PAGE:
The following code shows how the API is called from the thread:

DWORD WINAPI ThreadProc( LPVOID lParam )
    THREAD_PARAMS* pThreadParam = (THREAD_PARAMS*)lParam;    
    GetFinalPathNameByHandleDef pGetFinalPathNameByHandle = 
    for( g_CurrentIndex; g_CurrentIndex < pThreadParam->pSysHandleInformation->dwCount;  )
        WaitForSingleObject( pThreadParam->hStartEvent, INFINITE );
        ResetEvent( pThreadParam->hStartEvent ). 
        pThreadParam->bStatus = false;
        SYSTEM_HANDLE& sh = pThreadParam->pSysHandleInformation->Handles[g_CurrentIndex];
        // First try to duplicate the handle,
        // if the duplicate handle failed, we will coninue with the
        // original handle. But calling the API
        // with the orginal handle is least likly to success
        HANDLE hDup = (HANDLE)sh.wValue;
        HANDLE hProcess = OpenProcess( PROCESS_DUP_HANDLE , FALSE, sh.dwProcessId );
        if( hProcess )
            BOOL b = DuplicateHandle( hProcess, (HANDLE)sh.wValue, 
                       GetCurrentProcess(), &hDup, 0, FALSE, DUPLICATE_SAME_ACCESS );
            if( !b )
                hDup = (HANDLE)sh.wValue;
            CloseHandle( hProcess );
        DWORD dwRet = pGetFinalPathNameByHandle( hDup, pThreadParam->lpPath, MAX_PATH, 0 );
        if( hDup && (hDup != (HANDLE)sh.wValue))
            CloseHandle( hDup );
            pThreadParam->bStatus = true;
        SetEvent( pThreadParam->hFinishedEvent );
    return 0;

And this is how the main thread delegates its work to the thread procedure:

void EnumerateOpenedFiles( CString& csPath, OF_CALLBACL CallBackProc, 
                           UINT_PTR pUserContext, HANDLE hDriver,
                           GetFinalPathNameByHandleDef pGetFinalPathNameByHandle )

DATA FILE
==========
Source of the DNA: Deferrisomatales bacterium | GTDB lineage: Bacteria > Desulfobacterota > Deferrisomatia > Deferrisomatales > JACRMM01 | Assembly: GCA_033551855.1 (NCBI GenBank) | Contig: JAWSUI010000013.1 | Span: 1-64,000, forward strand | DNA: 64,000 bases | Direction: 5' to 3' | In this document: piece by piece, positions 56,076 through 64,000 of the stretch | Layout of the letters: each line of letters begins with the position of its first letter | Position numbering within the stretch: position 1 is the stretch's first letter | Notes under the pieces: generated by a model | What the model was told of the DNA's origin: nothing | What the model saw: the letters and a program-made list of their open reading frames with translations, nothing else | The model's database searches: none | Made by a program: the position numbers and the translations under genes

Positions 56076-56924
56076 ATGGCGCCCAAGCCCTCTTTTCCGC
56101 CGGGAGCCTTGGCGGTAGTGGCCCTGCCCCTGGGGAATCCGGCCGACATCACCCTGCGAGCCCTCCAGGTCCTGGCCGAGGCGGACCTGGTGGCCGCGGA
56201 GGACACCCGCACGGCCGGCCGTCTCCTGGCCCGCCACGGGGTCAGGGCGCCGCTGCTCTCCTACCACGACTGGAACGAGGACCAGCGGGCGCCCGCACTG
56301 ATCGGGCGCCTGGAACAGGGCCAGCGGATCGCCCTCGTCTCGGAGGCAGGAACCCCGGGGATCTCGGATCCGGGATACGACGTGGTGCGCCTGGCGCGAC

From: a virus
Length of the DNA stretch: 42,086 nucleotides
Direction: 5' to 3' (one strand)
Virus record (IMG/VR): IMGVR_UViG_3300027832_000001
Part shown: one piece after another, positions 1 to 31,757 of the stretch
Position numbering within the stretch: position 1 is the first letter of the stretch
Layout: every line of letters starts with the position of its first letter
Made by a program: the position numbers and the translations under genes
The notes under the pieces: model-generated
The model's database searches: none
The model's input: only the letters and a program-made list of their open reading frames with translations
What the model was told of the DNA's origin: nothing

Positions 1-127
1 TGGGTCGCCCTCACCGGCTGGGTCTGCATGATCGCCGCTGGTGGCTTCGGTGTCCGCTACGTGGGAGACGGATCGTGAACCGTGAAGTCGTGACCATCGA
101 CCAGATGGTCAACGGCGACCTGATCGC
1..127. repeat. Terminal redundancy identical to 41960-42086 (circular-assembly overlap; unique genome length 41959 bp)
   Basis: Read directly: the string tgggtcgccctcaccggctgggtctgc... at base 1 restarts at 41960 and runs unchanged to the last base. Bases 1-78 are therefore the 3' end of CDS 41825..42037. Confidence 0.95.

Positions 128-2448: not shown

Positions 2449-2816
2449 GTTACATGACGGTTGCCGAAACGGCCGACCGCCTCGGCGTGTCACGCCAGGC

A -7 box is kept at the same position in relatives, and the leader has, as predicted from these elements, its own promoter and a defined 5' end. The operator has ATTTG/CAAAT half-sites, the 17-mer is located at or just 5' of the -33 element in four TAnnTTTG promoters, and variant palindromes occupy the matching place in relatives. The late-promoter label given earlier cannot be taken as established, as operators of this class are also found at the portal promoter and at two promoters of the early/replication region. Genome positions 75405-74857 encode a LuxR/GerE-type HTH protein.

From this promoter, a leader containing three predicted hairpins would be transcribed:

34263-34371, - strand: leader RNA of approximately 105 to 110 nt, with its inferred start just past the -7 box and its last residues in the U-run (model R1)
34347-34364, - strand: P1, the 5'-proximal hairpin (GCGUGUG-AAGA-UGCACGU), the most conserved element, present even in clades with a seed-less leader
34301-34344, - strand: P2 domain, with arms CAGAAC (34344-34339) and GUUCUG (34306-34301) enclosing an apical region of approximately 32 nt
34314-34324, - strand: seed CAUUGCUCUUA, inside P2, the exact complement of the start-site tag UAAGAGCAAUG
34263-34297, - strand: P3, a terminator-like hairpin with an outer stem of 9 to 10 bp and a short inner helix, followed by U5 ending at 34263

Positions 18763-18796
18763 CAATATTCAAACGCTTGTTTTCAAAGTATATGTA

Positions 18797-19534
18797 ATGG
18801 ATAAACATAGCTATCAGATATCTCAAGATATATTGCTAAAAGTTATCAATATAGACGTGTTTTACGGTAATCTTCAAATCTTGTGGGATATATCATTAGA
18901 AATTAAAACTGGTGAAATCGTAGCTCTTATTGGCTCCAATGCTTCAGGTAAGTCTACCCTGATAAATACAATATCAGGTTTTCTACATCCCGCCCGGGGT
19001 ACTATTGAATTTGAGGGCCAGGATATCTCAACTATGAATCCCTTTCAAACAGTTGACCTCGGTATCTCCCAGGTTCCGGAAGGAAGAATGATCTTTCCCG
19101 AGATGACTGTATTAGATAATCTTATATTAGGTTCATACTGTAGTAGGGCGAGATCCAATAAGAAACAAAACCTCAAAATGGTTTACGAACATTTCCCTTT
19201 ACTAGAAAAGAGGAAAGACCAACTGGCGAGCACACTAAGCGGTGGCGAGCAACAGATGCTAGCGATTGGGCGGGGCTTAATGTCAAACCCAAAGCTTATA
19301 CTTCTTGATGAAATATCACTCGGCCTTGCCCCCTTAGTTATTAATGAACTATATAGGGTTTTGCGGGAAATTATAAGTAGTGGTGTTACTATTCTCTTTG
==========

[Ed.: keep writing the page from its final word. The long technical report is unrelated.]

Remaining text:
if( pGetFinalPathNameByHandle )// there is no driver, we have do it ugly way
        g_CurrentIndex = 0;
        TCHAR tcFileName[MAX_PATH+1];
        THREAD_PARAMS ThreadParams;
        ThreadParams.lpPath = tcFileName;
        ThreadParams.nFileType = nFileType;
        ThreadParams.pGetFinalPathNameByHandle = pGetFinalPathNameByHandle;
        ThreadParams.pSysHandleInformation = pSysHandleInformation;
        ThreadParams.hStartEvent = ::CreateEvent( 0, TRUE, FALSE, 0 );
        ThreadParams.hFinishedEvent = ::CreateEvent( 0, TRUE, FALSE, 0 );
        HANDLE ThreadHandle = 0;
        while( g_CurrentIndex < pSysHandleInformation->dwCount )
            if( !ThreadHandle )
                ThreadHandle = CreateThread( 0, 0, ThreadProc, &ThreadParams, 0, 0 );    
            ResetEvent( ThreadParams.hFinishedEvent );
            SetEvent( ThreadParams.hStartEvent );
            if( WAIT_TIMEOUT == WaitForSingleObject( ThreadParams.hFinishedEvent, 100 ))
                CString csError;
                csError.Format(L"Query hang for handle %d", 
                   (int)pSysHandleInformation->Handles[g_CurrentIndex - 1].wValue);
                OutputDebugString(csError );
                TerminateThread( ThreadHandle, 0 );
                CloseHandle( ThreadHandle );
                ThreadHandle = 0;
            if( !ThreadParams.bStatus )

Compared to the driver method, this one is much slower and returns less results. You have to switch off the diver signature enforcement in 64 bit Vista if you still want this application to work using the driver.

How Third Party Applications Can Make Use of This Application

After the initial version of this application, I received many requests from people to export some functions so that other applications can also make use of this functionality. Starting from this release, OpenFileFinder.dll exports two C functions, which can be called from other binaries:

  • void ShowOpenedFiles( LPCWSTR lpPath )